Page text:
The Department of Water Resources (DWR) increased the 2011 State Water Project (SWP) water allocation to 80 percent of contractors’ requests, up 30 percent from last year’s final allocation.
“This is very good news,” said DWR Director Mark Cowin. “Near-record precipitation and water content in our mountain snowpack have given us a good supply year. We should not forget, however, that this state can slip back toward drought conditions any given year and conservation needs to be a lifelong habit.”
This year’s allocation is 3,337,701 acre-feet. In 2010, the State Water Project delivered 2.086,000 acre-feet, 50 percent of a requested 4,172,126 acre-feet, up from a record-low initial projection of 5 percent due to lingering effects of the 2007-2009 drought.
Many local agencies are taking steps to improve their ability to store water during wet periods. This year serves as an example of how enhanced local groundwater and surface water storage could allow for additional deliveries during short term high flow conditions and thereby improve local water supply reliability.
Precipitation to date is over 116 percent of average for the water year (October 1-September 30). Runoff into streams and reservoirs is 165 percent of average.
Statewide, snowpack water content is 167 percent of average for the date and 152 percent of the average, April 1 seasonal total. Most of California’s major reservoirs are above average levels for the date despite making flood control releases to make room for inflow from melting snow this spring and summer.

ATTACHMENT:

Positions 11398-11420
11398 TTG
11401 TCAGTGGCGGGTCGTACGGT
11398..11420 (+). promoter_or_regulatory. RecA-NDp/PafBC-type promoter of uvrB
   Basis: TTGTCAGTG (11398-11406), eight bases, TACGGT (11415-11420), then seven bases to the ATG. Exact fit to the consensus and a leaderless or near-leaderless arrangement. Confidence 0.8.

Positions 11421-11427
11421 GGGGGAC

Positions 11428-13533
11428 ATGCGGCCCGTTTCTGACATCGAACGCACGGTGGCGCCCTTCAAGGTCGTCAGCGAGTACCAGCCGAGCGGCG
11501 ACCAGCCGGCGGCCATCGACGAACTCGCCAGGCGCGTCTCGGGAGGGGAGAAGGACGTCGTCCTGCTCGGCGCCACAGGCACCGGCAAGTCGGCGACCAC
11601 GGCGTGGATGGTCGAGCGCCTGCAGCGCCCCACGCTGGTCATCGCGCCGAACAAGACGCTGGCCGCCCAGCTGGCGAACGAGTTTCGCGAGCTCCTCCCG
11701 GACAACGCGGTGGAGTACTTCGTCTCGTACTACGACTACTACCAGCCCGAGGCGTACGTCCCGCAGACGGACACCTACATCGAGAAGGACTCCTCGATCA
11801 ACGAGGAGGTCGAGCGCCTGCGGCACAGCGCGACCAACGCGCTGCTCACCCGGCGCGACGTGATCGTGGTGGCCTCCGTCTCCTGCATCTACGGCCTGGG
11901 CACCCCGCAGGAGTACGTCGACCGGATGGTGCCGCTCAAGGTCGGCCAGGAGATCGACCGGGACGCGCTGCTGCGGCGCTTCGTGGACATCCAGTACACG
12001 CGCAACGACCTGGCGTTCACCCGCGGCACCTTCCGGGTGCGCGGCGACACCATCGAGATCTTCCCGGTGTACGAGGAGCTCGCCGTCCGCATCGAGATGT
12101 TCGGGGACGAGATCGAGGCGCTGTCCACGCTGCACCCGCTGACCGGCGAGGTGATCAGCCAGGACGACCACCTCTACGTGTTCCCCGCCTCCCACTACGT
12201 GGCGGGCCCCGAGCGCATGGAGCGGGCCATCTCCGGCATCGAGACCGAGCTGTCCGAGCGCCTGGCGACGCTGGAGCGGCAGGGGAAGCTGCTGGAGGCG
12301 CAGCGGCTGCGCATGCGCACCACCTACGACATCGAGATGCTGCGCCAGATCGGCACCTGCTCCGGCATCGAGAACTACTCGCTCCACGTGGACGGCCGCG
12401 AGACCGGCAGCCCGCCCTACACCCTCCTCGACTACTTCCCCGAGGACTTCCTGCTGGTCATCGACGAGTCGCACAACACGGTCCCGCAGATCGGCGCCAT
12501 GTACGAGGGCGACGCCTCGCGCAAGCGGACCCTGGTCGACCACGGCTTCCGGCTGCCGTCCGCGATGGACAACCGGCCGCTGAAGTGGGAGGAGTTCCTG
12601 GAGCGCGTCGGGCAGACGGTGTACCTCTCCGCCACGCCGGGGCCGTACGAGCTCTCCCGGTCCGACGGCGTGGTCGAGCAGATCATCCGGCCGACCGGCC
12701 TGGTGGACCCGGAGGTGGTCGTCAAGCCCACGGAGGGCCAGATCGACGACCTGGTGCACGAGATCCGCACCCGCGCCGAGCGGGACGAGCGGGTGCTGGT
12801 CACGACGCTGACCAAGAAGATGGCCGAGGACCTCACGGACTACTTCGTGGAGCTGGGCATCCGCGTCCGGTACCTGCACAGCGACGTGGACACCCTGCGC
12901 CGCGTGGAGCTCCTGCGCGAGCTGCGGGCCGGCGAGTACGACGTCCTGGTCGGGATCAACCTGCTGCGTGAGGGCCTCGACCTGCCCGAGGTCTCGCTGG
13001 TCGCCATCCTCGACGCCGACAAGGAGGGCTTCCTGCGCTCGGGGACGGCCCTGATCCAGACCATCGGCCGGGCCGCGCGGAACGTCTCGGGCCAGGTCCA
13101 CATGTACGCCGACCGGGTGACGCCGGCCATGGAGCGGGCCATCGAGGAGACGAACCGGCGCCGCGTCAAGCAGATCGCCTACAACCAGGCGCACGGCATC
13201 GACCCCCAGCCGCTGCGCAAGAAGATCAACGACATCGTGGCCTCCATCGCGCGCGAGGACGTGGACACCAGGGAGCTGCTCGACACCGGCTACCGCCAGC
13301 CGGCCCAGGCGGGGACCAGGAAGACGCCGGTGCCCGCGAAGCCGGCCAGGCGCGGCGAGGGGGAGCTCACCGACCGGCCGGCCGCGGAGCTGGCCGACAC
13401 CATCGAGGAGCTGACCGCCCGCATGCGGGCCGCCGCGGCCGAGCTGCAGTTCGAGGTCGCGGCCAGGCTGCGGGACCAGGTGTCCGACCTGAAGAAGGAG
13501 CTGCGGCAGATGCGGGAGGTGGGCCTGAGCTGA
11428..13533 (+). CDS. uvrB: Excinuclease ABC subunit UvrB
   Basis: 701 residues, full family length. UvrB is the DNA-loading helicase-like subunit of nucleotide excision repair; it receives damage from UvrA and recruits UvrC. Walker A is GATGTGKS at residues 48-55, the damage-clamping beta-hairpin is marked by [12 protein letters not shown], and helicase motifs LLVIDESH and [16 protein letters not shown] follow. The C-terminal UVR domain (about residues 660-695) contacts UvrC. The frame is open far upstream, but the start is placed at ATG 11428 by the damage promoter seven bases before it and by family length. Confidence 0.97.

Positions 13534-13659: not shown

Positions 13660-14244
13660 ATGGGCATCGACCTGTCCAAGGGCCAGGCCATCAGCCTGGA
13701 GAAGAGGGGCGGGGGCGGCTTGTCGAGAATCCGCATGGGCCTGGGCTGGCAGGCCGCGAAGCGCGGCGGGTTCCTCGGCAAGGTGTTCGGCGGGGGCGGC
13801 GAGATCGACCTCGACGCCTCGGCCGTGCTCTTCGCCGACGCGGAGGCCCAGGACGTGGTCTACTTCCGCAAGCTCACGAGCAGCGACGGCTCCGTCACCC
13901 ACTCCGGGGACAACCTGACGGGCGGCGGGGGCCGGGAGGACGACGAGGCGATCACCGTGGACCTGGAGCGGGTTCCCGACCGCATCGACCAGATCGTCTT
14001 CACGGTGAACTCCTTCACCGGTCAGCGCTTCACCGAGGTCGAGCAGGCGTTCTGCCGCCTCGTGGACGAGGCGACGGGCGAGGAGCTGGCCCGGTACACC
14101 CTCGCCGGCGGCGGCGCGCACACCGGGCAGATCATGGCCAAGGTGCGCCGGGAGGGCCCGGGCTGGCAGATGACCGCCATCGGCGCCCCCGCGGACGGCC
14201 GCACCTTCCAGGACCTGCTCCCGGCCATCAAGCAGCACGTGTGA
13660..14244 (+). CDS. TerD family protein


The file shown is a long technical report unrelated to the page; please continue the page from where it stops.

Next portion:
Lake Oroville in Butte County, the State Water Project's principal reservoir with a capacity of 3.5 million acre-feet, is at 109 percent of normal storage for the date. It currently is holding 3,126,941 acre-feet, 88 percent of its capacity. Lake Shasta north of Redding, the federal Central Valley Project's largest reservoir with a capacity of 4.5 million acre feet, is at 103 percent of normal storage for the date, also at 88 percent of its capacity.
The State Water Project delivers water to more than 25 million Californians and nearly a million acres of farmland.
Projections of SWP deliveries are adjusted through the winter and early spring as hydrologic conditions develop. DWR is conservative in its projections since farmers and others can suffer if expected amounts cannot be delivered.
DWR's first estimate for 2011 was that it would be able to deliver 25 percent of requests.
SWP deliveries were 60 percent of requests in 2007, 35 percent in 2008, and 40 percent in 2009.
The last 100 percent allocation – difficult to achieve even in wet years because of pumping restrictions to protect threatened and endangered fish – was in 2006.